Title Page

In the top left corner, you should have: Your real name, address, phone number, email address. Top right corner should say: Approx. XX,XXX words. Then centered in the center of the page, it should say TITLE OF BOOK <press enter> by <press enter> Your Name or Pen Name.

NOTE: As much as I wanted to include the cover art for my novel, it has no place here. That is why I believe authors (even unpublished ones) should have a webpage. The agent/publisher should have been given a link to your website during the Query process, which is how you can get them to see it. I will Blog about this later.

Manuscript Header in Microsoft Word

Insert Header, pick Blank. In the top left hand corner type “Your Last Name/TITLE OF YOUR BOOK”. Under the Design tab, check the box for “Different First Page”… this will let you NOT have a Header on your Title Page (which is what you want).

After done entering the info in the left corner, Hit Tab twice. Select Insert Page Number, Current Position, Plain Number. You should edit it so that the page number count starts at 0… this will take into account the title page (and since no header will be displayed on that page) the first page of your manuscript will start with 1.

Entire Manuscript Format

Within Microsoft Word, hit Ctrl + A to select all your text. BE CAREFUL NOT TO DELETE ANYTHING WHILE EVERYTHING IS SELECTED.

Make everything 12 point Font.

Make everything either Times New Roman, Courier, or Courier New Font.

Make everything Double Spaced. Instead of choosing “Double Spaced” as your Line spacing selection, choose “Exactly” and set it to 25 pt.

Make everything have 1″ margins on every side of the page.

At the end of your manuscript, center the word “End” on a page.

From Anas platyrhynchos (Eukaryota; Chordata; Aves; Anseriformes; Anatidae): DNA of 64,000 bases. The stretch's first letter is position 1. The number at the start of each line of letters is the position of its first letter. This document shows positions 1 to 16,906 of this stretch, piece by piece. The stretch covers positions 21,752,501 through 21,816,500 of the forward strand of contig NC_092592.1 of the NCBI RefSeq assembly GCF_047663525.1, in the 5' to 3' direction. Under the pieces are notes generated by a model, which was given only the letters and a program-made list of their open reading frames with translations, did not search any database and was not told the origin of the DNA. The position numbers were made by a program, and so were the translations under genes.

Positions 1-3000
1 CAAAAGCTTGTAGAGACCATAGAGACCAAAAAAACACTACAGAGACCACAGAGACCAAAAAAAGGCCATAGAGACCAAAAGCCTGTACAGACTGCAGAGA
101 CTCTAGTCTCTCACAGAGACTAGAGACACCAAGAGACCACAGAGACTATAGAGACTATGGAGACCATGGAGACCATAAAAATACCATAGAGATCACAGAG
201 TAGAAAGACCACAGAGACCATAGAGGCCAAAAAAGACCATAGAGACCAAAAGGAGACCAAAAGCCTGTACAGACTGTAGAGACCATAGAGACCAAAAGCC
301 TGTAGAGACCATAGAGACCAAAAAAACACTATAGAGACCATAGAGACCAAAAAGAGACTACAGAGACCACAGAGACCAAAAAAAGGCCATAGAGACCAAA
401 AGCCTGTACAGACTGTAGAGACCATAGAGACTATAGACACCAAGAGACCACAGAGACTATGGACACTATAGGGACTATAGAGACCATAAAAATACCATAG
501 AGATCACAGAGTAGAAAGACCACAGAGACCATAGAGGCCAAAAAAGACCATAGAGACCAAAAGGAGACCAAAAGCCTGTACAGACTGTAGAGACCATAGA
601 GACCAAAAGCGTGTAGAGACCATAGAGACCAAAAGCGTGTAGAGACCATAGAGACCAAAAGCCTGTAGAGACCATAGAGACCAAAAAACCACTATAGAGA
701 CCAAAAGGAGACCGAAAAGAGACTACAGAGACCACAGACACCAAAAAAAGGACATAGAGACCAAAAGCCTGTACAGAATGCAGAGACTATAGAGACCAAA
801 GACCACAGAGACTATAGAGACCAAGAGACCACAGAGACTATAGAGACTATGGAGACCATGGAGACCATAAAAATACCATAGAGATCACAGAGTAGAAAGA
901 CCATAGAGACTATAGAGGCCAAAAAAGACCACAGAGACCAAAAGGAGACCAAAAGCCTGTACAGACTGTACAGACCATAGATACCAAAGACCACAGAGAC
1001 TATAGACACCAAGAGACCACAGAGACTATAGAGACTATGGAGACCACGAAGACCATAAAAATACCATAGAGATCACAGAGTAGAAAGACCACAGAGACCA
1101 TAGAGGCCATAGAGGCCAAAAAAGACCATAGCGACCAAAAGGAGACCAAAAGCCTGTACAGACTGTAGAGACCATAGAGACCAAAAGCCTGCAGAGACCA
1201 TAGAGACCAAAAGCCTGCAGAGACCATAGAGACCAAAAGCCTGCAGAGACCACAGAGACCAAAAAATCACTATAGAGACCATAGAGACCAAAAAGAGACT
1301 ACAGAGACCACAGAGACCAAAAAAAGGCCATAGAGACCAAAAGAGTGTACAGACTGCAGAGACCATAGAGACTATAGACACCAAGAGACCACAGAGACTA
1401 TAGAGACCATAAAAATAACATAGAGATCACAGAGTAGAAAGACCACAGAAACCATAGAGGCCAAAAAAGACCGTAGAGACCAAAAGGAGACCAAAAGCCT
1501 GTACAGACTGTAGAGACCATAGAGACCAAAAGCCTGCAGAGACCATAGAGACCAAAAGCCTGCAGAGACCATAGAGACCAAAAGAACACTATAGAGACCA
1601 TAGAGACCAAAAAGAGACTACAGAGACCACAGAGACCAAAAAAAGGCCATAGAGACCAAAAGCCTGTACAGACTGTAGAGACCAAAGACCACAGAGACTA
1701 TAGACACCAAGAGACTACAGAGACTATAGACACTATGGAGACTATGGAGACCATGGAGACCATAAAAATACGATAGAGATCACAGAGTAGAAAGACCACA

All new paragraphs should be indented (TAB over).

Chapters

When you start a chapter, the word “Chapter” should be 1/3 or 1/2 the way down the page. Make sure the way you capitalize Chapter, and/or the way you use the numeric portion is consistent throughout. For example, CHAPTER 1, or CHAPTER ONE, or Chapter 1, or Chapter One.

The first sentence of your chapter should always be indented half an inch (or one TAB over). This is exactly how every new paragraph should start.

In order to keep Chapters starting on their own new page, you should always enter in a Page Break. This can be done by inserting a Page Break through the buttons in Microsoft Word or simply hitting Ctrl + Enter at the end of every Chapter.

Little Things

If your manuscript ever changes POV, use a # in-between the paragraphs to signify it, make sure it is centered on the page.

If there is a break in time, use *** between paragraphs, make sure it is centered.

Some Agents/Publishers are picky about how you format it. Just follow their instructions. If they don’t provide instructions, then follow what I have outlined above. If you are submitting it via e-mail, then you should probably send as a .pdf (unless they request different). If you are printing it out, do NOT print front and back… just do 1 sided printing. And if you print it out, ONLY use plain white paper.